tax season

Tax Season is Quickly Approaching

Tax season is set to begin soon. This will be the third tax filing season to happen during the coronavirus pandemic. It will likely lead to more frustration and uncertainty for both taxpayers and tax preparers.

Some things, however, will return to normal. As an example: The individual tax deadline will return to its usual mid-April date, for the first time since 2019. Furthermore, the IRS has stated that it has steadily been reducing its backlog of 2020 tax returns. However, the IRS is dealing with this leftover paperwork while also facing additional challenges. This includes the problem of retroactive legislation. Another issue comes in the form of pandemic-specific changes in tax laws that will require attention from taxpayers. Erin Collins, the leader of an independent taxpayer advocate group within the IRS, said “The IRS is going to start the filing season in a hole.”

The IRS is Still Processing 2021 Returns

In late December, the IRS stated that they were processing returns received before April of 2021. They were still doing this to ensure they didn’t contain errors or require special attention in some way. This meant, however, that as of December 18th the IRS still had 6.3 million individual returns, and 2.3 million amended tax returns to process. The agency also stated that those amended returns could take more than 20 weeks, rather than the expected 16 weeks. They’ve cut their tally of returns that require special handling from 9.8 million in May.

All processes within the IRS that are done by a human being rather than a machine (paper returns, phone calls, correcting errors on return) seem to all be subject to major delays. Many people in accounting jobs have even decided that mailing letters to the IRS and waiting several months for a reply is a better use of their time than waiting for hours on hold to speak to an IRS employee on the phone.

Checking For Discrepancies and Errors

Depending on the details of your annuity contract, you might pay certain fees. There are other fees aside from the

Breaks created by congress to help people deal with the disruptions caused by the pandemic are going to cause extra work. People who were eligible for March’s 1,400 stimulus payment but didn’t receive it can now claim it on their returns. Additionally, the advanced payments of the child tax credit received during 2021 must be reflected on tax returns. The IRS will send notices to taxpayers in January. These will display records of how much people will receive in stimulus and child-credit payments in 2021. It could lead to processing delays if those numbers don’t match what’s listed on returns. This is because the IRS has to address discrepancies and errors. This process will be particularly difficult for households that have added children or had significant income changes.

Filing electronically, using direct deposit, and making sure child-credit and stimulus numbers match the IRS forms are all things you can do to help avoid slowdowns.

Employees for the IRS paper processing centers are still working under pandemic restrictions. This adds another layer to the problems the IRS is facing. makes electronic filing more important. Some people believe the IRS should take some of its employees and redirect them to work on addressing chokepoints in tax filing. The majority of taxpayers are trying to comply despite difficulties.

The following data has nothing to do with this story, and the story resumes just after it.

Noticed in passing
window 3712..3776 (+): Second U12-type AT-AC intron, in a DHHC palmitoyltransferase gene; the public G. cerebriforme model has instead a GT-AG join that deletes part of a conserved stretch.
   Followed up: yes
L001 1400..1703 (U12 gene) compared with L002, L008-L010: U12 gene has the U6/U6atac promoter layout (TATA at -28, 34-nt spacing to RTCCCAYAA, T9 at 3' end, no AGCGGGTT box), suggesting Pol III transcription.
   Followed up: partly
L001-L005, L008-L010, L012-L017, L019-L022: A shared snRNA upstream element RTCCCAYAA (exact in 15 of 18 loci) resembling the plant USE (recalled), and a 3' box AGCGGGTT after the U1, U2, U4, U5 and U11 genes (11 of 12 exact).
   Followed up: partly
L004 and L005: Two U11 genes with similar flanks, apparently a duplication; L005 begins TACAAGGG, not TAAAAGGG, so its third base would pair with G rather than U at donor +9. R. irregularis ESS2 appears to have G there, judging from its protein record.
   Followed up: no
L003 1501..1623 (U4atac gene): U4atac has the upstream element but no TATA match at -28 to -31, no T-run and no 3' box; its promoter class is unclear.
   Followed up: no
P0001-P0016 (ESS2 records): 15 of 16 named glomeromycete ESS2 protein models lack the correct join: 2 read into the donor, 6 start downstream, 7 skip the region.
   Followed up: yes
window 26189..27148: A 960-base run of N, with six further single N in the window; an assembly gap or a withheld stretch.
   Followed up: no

Retroactive Changes in Tax Law

Congress could still change 2021 tax laws retroactively. The stalled $2-trillion education, health, and climate change bill would increase the cap on state and local tax deduction. This would start with the 2021 tax returns that people are about to file. The IRS has announced that it won’t be delaying accepting 2021 returns, however, in past years it has delayed the deadline by several months.

Congress is normally reluctant to change the prior year’s tax law after tax filing has already started. This is because of the administrative burden on both taxpayers and the IRS. However, in March 0f 2021, Congress did retroactively lower income taxes on unemployment benefits in 2020. Additionally, the IRS issued around 12 million refunds to people who already filed and paid taxes on that income. They expect that work to continue into 2022.

Tax preparers will generally advise people to file their taxes as early as they can manage to. As most people do get refunds, filing earlier allows them to get that money sooner. Filing a legitimate return can also help in preventing a taxpayer’s information from being stolen by an identity thief. If you get information to your tax preparer earlier in the year, generally, they will have more time to analyze that information and to help you.

The potential expanded tax break for both state and local taxes, however, could give some people a good reason to wait to file their returns.

Congress may still not have made a final decision on what the 2021 tax code actually is even after the IRS has started accepting 2021 tax returns. While it’s good that Congress is trying to help so many taxpayers through these retroactive changes to the tax laws, the implementation of these changes is clearly problematic and painful to many people.

In Conclusion

The Coronavirus pandemic has led to a number of problems for taxpayers and for the IRS. Delays caused by errors and discrepancies and retroactive changes to the 2021 tax code will both contribute to tax season being particularly difficult and exhausting for yet another year.

If you’re looking to lessen your tax bill moving forward, consider reaching out to us here at Tower Bridge Financial. We offer services and products that may be able to help you with this.

Scroll to Top